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The healing power of music

By Cassandra Andrusz-Ho Ching and Avery Smith


Local activist, singer and songwriter Taina Asili (third from left) visited the NYS Writers Institute in Spring 2019 for the “Art of Songwriting Panel.” From left, Writers Institute Director Paul Grondahl, Bryan 'Buggy Jive' Thomas, Asili, and Michael Eck.


“If you look at our history, you see over and over that music has played a central role in changing how people think, both for the good and bad. How we make change in the larger political landscape starts with how we affect one another individually, and music brings a message in a way that opens people—their heart, mind, spirit.” -- Taina Asili (Tainaasili.com)


Under COVID-19, those already struggling with food insecurity are facing even more precarious circumstances while many more are now in need of food assistance as paychecks dwindle or stop.

COVID-19 is exposing the deep racial and class inequities in our society, especially for Black and Brown workers forced to choose between a paycheck and their health. We are also witnessing how relevant the working poor and working class people are, as essential, for the functioning of local communities to the global economy.

Healthcare and transportation workers, teachers, grocery store clerks and stockers to farmworkers among others are undervalued in our society receiving some of the lowest wages. Even though essential, many are one paycheck away from financial catastrophe, being unable to pay for daily needs from a doctor’s visit, food bill, rent or mortgage, and never being able to re-cooperate.

It is also being made apparent today, how critical social services are, the need for school meals, food pantries and food assistance, but also how fragile, limited, underfunded and unsustainable many of these programs they are.

Cassandra Andrusz-Ho Ching

I interviewed Taina Asili in summer 2018 for my dissertation titled “A Hunger for Justice: Everyday Forms of Latinx Resistance.” In this work, I examine daily practices that promote food justice from within communities most affected by inequity.

Practices that include but not limited to community gardening, education and training programs, farmers’ markets, CSAs, the creation of alternative narratives, (re)definition of language, poetry, art and of course, music.


In our interview, I wanted to know more about how in times of crisis music can be a tool, a change agent, a catalyst. Asili explained that she is dedicated to using her art, her music, for personal and social transformation that emphasizes environmental and food justice. She said:

Music plays a central role in how people think. It also influences how we make change in the larger political landscape by starting with ourselves, how we affect one another. Simple songs or chants can often serve as a uniting force to provoke social change. Songs help people come together, march, walk, protest and can provide a sound and voice, giving them focus and resolve to make change in their day to day lives or larger social change.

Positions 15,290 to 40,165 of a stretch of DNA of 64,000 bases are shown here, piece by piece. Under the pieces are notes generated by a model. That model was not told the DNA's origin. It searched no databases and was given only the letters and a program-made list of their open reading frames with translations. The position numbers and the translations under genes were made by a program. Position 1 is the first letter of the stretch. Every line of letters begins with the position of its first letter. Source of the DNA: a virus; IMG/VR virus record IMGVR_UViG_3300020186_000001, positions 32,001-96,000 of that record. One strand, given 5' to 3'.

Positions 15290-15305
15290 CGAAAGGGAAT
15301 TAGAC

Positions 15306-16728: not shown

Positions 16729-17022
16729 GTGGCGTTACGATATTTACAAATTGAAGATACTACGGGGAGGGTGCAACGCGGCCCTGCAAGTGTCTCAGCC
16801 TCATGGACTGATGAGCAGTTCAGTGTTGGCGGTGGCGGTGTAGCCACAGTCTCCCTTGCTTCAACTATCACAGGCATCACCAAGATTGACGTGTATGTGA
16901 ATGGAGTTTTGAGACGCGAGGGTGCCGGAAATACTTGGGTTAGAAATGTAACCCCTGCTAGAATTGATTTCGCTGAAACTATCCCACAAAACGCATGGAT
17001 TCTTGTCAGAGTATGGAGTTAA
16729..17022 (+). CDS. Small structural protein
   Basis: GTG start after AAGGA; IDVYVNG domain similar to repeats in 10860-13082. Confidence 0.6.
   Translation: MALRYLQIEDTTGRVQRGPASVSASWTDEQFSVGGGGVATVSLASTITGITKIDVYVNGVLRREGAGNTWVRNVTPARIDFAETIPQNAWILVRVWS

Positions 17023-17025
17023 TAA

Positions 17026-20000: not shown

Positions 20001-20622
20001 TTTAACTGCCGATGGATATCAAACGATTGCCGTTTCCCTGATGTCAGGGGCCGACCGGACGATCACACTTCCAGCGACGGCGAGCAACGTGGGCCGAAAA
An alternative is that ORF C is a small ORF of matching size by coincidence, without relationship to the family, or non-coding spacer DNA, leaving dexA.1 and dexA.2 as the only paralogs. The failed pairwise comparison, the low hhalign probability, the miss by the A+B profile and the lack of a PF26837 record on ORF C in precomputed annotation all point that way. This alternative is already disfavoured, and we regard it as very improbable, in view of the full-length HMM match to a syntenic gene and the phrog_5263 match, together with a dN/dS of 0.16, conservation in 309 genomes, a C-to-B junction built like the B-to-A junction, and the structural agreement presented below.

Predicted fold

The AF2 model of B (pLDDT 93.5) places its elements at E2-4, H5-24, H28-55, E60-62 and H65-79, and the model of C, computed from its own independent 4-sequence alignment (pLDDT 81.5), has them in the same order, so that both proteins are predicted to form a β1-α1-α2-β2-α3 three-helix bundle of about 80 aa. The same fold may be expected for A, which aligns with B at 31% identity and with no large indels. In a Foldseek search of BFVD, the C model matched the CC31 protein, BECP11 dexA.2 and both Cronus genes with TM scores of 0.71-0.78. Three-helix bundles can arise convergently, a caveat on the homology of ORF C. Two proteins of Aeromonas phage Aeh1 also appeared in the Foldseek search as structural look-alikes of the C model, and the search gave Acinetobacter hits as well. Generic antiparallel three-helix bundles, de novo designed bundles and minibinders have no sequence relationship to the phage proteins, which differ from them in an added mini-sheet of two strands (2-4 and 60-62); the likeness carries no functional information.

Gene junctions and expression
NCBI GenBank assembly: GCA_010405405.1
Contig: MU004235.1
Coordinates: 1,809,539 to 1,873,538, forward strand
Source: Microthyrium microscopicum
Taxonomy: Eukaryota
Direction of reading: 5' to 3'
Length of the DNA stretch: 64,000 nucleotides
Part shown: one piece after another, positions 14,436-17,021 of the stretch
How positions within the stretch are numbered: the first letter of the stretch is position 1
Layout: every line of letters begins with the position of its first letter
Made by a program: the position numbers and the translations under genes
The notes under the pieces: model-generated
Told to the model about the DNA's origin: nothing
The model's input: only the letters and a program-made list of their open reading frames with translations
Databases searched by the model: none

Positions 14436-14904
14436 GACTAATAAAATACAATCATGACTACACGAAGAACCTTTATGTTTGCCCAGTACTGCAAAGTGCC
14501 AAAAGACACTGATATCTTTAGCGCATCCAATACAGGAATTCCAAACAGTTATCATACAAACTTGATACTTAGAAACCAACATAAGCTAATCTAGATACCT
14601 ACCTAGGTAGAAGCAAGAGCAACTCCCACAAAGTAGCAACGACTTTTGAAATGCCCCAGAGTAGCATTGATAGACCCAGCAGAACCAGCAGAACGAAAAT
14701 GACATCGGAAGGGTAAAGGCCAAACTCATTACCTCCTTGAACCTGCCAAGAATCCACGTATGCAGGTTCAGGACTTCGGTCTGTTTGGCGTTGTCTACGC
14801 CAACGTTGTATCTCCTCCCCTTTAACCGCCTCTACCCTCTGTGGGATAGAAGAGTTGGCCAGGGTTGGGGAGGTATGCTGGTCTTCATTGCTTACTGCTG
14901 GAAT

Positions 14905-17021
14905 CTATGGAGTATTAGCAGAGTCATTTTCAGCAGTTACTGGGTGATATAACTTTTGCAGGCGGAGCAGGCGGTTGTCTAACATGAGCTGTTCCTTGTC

Cultural resistance, like song, music and the arts have been used to sustain the people working towards systemic change. It can heal minds and spirits, inform, inspire, and galvanize people’s hopes and goals for change.

Many of Asili’s songs contest food, land, and environmental injustices and inspire hope and resilience. One song, “Sofrito,” speaks to the power of food.

She shared the inspiration for the song, her abuela, and how she used to make sofrito, a sauce in Puerto Rican cooking with cilantro, garlic, and onions, used as a base for beans and flavoring. She explained that her grandmother’s sofrito recipe was renowned on the island, not just in her family, but among everyone who tasted her cooking. She recalled:

My abuela’s tradition of food kept community together, held community and held love. When I smell the potent ingredients, they remind me of who I am, who my family is, and that is what the song “Sofrito” begins with.

Food has power to promote culture, community and solidarity. Like food, music too can play a powerful role in efforts to better understand ourselves, identity and build a better world through connection, solidarity and empathy.

These changes and reflections can be exemplified by University at Albany student Avery Smith.

Smith is from Brooklyn, currently a junior at the University at Albany majoring in communications with a minor in music.

He writes, music has always been a significant part of my life. Each of my fondest childhood memories are connected to a particular song that my family and I sang along to during a road trip or danced to at a holiday gathering.